It seems every playground has at least one — a bully who teases, hurts, threatens or intimidates other children. In fact, a recent study by researchers at the University of Illinois at Urbana-Champaign found that about 75 percent of students are bullied, victimized or both during a given school year.

Typically, bullied children are singled out because of something that makes them unique, such as eyeglasses, body shape or academic excellence. And though these children did nothing to provoke the bullying, they may be reluctant to discuss it. It’s embarrassing to be the victim, and bullying is frequently accepted as a part of growing up.

Consequently, these children become anxious, begin to hate school and may develop headaches, stomachaches or even suffer symptoms of post-traumatic stress syndrome, including nightmares, flashbacks, an inability to concentrate and suicidal thoughts.

If you see such signs, talk to your child to assess the situation. If your child reports being bullied, treat it seriously. Events that adults may perceive as minor incidents can be very distressing for children.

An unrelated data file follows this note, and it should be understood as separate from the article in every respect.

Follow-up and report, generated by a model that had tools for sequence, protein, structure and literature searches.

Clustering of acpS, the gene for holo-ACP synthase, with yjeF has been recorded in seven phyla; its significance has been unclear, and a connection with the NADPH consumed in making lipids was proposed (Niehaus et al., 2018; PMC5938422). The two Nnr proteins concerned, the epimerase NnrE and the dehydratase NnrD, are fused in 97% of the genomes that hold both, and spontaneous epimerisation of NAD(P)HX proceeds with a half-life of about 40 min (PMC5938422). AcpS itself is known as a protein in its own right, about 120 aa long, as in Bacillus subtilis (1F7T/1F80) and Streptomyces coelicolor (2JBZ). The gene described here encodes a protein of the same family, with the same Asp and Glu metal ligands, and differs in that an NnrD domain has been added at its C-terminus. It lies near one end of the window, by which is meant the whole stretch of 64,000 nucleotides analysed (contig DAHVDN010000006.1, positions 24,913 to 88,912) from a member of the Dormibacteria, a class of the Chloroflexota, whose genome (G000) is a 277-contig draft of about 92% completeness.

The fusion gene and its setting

Talk about it. Frequently, children are admonished not to tattle. Be sure your child understands that keeping herself safe is not tattling.
Discourage your child from fighting back. It will get your child into as much trouble as the bully and can serve to escalate the bullying.
Help your child to make friends. Field trips, activities and sleep-overs all help to establish your child as a person outside of school and expand his support system.
Teach your child how to use humor to defuse a scary situation. He should be careful not to make the bully the butt of the joke, but rather to make a joke that will help him and the bully laugh together.
Brainstorm with and help your child problem-solve. Some situations will call for your child to be assertive and others to walk away. Determine what would most likely work for the specific situation, then role-play with your child to practice the response.
Identify adults who can provide support. A network of adults both inside and outside the home can be valuable to children who may face bullies in a variety of settings. Teachers, school staff and other parents can be especially helpful.
Because children who bully generally choose victims who reinforce their sense of power, helping your child develop confidence and problem-solving skills is key. These qualities will increase your child’s feelings of power and control — and their ability to socialize with a variety of other people in a positive way.

As published in the September 21, 2003 Edition of the La Crosse Tribune.